Neutropenia is defined by either an absolute or functional defect (acute myeloid leukemia or myelodysplastic syndrome) of polymorphonuclear neutrophils and is associated with high risk of specific complications that may require intensive care unit (ICU) admission. Specificities in the management of critically ill neutropenic patients prompted the establishment of guidelines dedicated to intensivists. These recommendations were drawn up by a panel of experts brought together by the French Intensive Care Society in collaboration with the French Group for Pediatric Intensive Care Emergencies, the French Society of Anesthesia and Intensive Care, the French Society of Hematology, the French Society for Hospital Hygiene, and the French Infectious Diseases Society...
December 2016: Annals of Intensive Care
https://www.readbyqxmd.com/read/27609056/the-double-burden-of-disease-among-mining-workers-in-papua-indonesia-at-the-crossroads-between-old-and-new-health-paradigms
#12
Rodrigo Rodriguez-Fernandez, Nawi Ng, Dwidjo Susilo, John Prawira, Michael J Bangs, Rachel M Amiya
BACKGROUND: As the global shift toward non-communicable diseases overlaps with the unfinished agenda of confronting infectious diseases in low- and middle-income countries, epidemiological links across both burdens must be recognized. This study examined the non-communicable disease-infectious disease overlap in the specific comorbidity rates for key diseases in an occupational cohort in Papua, Indonesia. METHODS: Diagnosed cases of ischaemic heart disease, stroke, hypertension, diabetes (types 1 and 2), chronic obstructive pulmonary disease, asthma, cancer, HIV and AIDS, tuberculosis, and malaria were extracted from 22,550 patient records (21,513 men, 1037 women) stored in identical electronic health information systems from two clinic sites in Papua, Indonesia...
2016: BMC Public Health
https://www.readbyqxmd.com/read/27578502/current-pathological-and-laboratory-considerations-in-the-diagnosis-of-disseminated-intravascular-coagulation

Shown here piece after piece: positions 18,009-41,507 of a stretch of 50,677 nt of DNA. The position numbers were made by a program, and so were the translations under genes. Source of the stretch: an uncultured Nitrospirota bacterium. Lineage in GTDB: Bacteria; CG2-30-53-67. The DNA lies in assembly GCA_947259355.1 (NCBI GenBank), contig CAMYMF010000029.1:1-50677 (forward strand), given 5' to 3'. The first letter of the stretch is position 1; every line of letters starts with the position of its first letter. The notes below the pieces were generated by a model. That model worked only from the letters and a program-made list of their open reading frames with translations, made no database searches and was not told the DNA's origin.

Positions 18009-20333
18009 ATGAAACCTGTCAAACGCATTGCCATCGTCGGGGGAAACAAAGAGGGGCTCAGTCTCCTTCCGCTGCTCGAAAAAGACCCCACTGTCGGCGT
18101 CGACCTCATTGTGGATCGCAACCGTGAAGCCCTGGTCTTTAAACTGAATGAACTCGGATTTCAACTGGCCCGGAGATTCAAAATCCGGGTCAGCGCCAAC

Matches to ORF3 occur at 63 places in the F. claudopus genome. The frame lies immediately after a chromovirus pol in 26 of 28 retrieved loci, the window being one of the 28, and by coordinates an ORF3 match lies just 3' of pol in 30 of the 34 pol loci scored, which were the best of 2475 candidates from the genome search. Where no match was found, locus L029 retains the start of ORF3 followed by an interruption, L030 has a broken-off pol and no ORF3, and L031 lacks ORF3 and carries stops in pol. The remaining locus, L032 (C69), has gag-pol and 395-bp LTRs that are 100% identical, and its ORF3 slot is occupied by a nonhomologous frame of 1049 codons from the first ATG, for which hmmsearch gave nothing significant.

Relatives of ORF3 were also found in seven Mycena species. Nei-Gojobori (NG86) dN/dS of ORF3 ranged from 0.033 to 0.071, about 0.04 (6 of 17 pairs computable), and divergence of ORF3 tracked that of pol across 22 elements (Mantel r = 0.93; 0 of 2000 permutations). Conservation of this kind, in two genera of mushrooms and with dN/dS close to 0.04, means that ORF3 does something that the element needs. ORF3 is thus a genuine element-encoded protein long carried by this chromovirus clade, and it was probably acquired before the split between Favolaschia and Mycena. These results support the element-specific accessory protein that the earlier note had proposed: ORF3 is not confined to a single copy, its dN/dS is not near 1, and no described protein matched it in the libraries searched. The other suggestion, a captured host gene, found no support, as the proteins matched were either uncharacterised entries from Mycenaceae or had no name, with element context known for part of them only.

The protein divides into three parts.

#13
REVIEW
Cheng Hock Toh, Yasir Alhamdi, Simon T Abrams
Systemically sustained thrombin generation in vivo is the hallmark of disseminated intravascular coagulation (DIC). Typically, this is in response to a progressing disease state that is associated with significant cellular injury. The etiology could be infectious or noninfectious, with the main pathophysiological mechanisms involving cross-activation among coagulation, innate immunity, and inflammatory responses. This leads to consumption of both pro- and anticoagulant factors as well as endothelial dysfunction and disrupted homeostasis at the blood vessel wall interface...
November 2016: Annals of Laboratory Medicine
https://www.readbyqxmd.com/read/27559728/target-product-profile-for-a-diagnostic-assay-to-differentiate-between-bacterial-and-non-bacterial-infections-and-reduce-antimicrobial-overuse-in-resource-limited-settings-an-expert-consensus
#14
Sabine Dittrich, Birkneh Tilahun Tadesse, Francis Moussy, Arlene Chua, Anna Zorzet, Thomas Tängdén, David L Dolinger, Anne-Laure Page, John A Crump, Valerie D'Acremont, Quique Bassat, Yoel Lubell, Paul N Newton, Norbert Heinrich, Timothy J Rodwell, Iveth J González
Acute fever is one of the most common presenting symptoms globally. In order to reduce the empiric use of antimicrobial drugs and improve outcomes, it is essential to improve diagnostic capabilities. In the absence of microbiology facilities in low-income settings, an assay to distinguish bacterial from non-bacterial causes would be a critical first step. To ensure that patient and market needs are met, the requirements of such a test should be specified in a target product profile (TPP). To identify minimal/optimal characteristics for a bacterial vs...
2016: PloS One
https://www.readbyqxmd.com/read/27543527/baroreflex-impairment-and-morbidity-after-major-surgery
#15
A Toner, N Jenkins, G L Ackland
BACKGROUND: Baroreflex dysfunction is a common feature of established cardiometabolic diseases that are most frequently associated with the development of critical illness. Laboratory models show that baroreflex dysfunction impairs cardiac contractility and cardiovascular performance, thereby increasing the risk of morbidity after trauma and sepsis. We hypothesized that baroreflex dysfunction contributes to excess postoperative morbidity after major surgery as a consequence of the inability to achieve adequate perioperative tissue oxygen delivery...
September 2016: British Journal of Anaesthesia
https://www.readbyqxmd.com/read/27506948/acinetobacter-spp-are-associated-with-a-higher-mortality-in-intensive-care-patients-with-bacteremia-a-survival-analysis